Microsoft’s announcement Monday that it is acquiring massive open source platform GitHub for $7.5 billion is expected to have little impact on reducing the sharp rise in open source vulnerabilities and improving their time to discovery. That’s not good news for governments as they increasingly embrace open source.
The open source community may not be taking rigorous ownership of its own security, an issue governments need to consider as they pass policies to allow the use of open source technology in their programs, applications and on their websites.
For example, 44 percent of open source maintainers surveyed acknowledged they never have conducted a security audit of their code, according to a 2017 State of Open Source Security report by Snyk. The report is based on interviews with more than 500 open source maintainers and data Snyk collected from 40,000 open source projects and scanning millions of GitHub repositories and packages on registries.
Meanwhile, state and local governments are jumping onto open source for its ability to save software development time and overall costs, as well as potentially increase the capabilities and scope of the projects they may want to tackle.
In 2010, California officially permitted the use of Open Source Software (OSS) for application or software development, according to Manveer Bola, statewide technology policy chief for the California Department of Technology. California's Department of Technology has since announced policies on open source and code reuse.
How Bad is Bad?
Open source vulnerabilities in application libraries have risen sharply since 2012, soaring from less than 100,000 published vulnerabilities to approximately 900,000 in 2017. In Snyk’s test of over 430,000 sites, 77 percent were running at least one library with a known vulnerability, according to the report.
The median time between introducing a vulnerability into an application library and when it is publicly disclosed is 2.53 years, according to the report.
During that time, cyberattackers can take advantage of the situation and embed their malicious code into the library, gaining entry if a government agency imports that library into the development of an application. For attackers, being baked into the development of an application may be easier access than trying to bust into an application after it has already been created, say security experts.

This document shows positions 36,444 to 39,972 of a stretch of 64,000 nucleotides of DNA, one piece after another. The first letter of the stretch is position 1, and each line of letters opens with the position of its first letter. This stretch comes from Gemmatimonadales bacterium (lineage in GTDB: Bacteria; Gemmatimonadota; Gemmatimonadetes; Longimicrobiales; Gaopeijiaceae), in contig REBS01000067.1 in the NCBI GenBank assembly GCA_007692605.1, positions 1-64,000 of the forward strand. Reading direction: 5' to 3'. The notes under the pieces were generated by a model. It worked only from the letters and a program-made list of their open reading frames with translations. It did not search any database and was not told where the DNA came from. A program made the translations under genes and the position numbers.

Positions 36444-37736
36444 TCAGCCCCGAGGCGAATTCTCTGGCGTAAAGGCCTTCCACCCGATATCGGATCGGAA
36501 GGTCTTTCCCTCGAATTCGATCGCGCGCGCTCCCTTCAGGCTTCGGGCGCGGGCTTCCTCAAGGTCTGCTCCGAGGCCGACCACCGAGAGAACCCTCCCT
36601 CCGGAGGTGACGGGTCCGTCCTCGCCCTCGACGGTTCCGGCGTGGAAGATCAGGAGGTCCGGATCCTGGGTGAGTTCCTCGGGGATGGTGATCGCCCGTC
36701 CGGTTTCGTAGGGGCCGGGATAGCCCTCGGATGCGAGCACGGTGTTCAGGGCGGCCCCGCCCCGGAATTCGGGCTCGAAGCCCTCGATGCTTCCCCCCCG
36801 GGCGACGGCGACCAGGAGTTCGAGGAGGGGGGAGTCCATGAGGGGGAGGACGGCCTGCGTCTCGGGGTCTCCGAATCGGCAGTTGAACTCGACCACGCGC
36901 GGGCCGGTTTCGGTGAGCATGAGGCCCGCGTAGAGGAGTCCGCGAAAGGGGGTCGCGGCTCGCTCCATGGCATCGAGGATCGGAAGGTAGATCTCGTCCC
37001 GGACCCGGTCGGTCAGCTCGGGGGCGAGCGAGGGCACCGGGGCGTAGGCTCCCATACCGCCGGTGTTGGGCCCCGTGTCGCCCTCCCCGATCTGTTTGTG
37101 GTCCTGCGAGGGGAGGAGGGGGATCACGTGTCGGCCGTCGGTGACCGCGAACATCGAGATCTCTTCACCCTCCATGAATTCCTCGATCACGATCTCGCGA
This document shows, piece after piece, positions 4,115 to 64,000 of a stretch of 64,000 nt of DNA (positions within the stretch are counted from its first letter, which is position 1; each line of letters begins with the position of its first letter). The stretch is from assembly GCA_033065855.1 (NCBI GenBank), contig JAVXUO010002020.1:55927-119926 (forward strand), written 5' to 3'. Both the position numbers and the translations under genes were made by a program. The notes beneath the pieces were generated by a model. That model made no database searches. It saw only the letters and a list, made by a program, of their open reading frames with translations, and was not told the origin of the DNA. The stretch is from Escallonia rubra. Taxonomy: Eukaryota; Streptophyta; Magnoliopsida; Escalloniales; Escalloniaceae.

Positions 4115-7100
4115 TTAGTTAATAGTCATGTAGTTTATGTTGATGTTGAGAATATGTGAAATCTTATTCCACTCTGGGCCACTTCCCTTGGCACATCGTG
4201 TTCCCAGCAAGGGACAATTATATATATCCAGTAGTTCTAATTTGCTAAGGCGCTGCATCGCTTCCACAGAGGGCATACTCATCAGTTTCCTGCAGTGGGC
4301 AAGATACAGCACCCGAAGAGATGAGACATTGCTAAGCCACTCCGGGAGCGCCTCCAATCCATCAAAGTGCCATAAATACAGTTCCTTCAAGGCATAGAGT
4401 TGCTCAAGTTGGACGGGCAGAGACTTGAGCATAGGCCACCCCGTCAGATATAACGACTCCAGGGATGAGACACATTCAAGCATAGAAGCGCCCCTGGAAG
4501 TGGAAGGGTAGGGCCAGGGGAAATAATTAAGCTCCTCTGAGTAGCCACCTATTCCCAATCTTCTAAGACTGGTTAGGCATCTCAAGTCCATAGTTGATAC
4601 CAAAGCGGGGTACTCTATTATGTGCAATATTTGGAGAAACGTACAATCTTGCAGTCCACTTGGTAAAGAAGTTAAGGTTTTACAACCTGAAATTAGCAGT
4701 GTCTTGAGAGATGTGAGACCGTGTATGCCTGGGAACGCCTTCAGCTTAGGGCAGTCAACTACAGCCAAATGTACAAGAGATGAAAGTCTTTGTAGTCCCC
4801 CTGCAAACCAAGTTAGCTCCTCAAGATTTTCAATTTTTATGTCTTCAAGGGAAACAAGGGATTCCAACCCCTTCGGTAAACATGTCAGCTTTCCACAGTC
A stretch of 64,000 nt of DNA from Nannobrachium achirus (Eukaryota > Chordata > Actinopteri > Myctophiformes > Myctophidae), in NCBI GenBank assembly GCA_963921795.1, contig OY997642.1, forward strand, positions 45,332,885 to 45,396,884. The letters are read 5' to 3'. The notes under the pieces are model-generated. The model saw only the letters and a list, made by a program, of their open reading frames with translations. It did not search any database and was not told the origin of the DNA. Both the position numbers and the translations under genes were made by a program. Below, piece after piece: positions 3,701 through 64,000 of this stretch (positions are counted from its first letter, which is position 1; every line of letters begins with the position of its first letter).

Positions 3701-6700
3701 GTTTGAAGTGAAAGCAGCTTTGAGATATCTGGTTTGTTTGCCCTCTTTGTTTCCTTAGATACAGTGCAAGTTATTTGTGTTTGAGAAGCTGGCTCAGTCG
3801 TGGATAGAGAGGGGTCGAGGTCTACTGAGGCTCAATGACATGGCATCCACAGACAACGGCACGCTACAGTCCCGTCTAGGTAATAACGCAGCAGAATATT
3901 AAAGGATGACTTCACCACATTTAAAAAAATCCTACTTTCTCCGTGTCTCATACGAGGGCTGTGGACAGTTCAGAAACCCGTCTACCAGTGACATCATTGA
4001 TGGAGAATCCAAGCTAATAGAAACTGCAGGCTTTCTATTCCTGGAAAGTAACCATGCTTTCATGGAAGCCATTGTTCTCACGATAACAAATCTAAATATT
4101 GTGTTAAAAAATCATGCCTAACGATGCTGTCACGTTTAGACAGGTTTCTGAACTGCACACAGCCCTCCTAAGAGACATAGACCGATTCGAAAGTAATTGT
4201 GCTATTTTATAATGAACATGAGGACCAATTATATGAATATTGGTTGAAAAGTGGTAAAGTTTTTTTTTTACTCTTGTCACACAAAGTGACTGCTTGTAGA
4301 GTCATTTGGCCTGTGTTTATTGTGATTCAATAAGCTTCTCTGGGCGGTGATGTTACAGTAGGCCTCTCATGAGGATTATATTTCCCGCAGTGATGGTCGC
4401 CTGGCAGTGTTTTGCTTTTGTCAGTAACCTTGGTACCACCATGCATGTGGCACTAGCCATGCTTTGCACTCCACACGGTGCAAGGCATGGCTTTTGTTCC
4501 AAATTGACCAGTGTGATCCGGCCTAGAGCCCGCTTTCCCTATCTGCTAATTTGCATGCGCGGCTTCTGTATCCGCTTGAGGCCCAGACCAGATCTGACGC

“We believe hackers will continue to target vulnerable open source components as it requires less effort and results in more reward for them,” said Rami Sass, CEO of security firm WhiteSource. “This is true for all verticals, including government agencies who are becoming heavily reliant on open source projects. Vulnerabilities found in popular open source projects are a prime suspect as they can 'produce' the highest number of targets.”
Governments Weigh-In on Open Source Security Protections
The state of California has not discovered malicious code purposely built into open source code at its own department level, according to Bola.
Each department is responsible for ensuring the open source software they use is compliant with software management licensing and security practices listed in the State Administrative Manual and Statewide Information Management Manual, which calls for system development life cycle and system developer testing, both of which touch on secure coding practices, he added.
“We also know that several departments have additional departmentwide policies which cover secure code development,” said Bola. “As such, since it is state policy, we are hoping all entities are ensuring that open source code acquired from any library is tested and approved prior to incorporating into their applications.”
Getting The Word Out
Although cyberattackers have always exploited open source vulnerabilities, in the past 18 months they have ramped up the speed in reacting to public information on open source vulnerabilities, according to Sass.
Government agencies can take three steps to improve their open source security posture. One is to automate the open source management process, as well as listen to the open source community when it shares information to quickly remediate the vulnerability, he said.
However, “the problem is that most software teams are not able to learn from issues reported and fixed by the community as the information is spread across many repositories and websites across the Web, and most sources are not indexed properly,” explained Sass.
Sass suggests using software composition analysis tools for real-time security notifications and quality issues. And lastly, he advises raising the awareness of software engineers that they are the ones who will need to weigh the risks of using open source software before porting it over.
This story was originally published by Techwire's sister publication, Government Technology.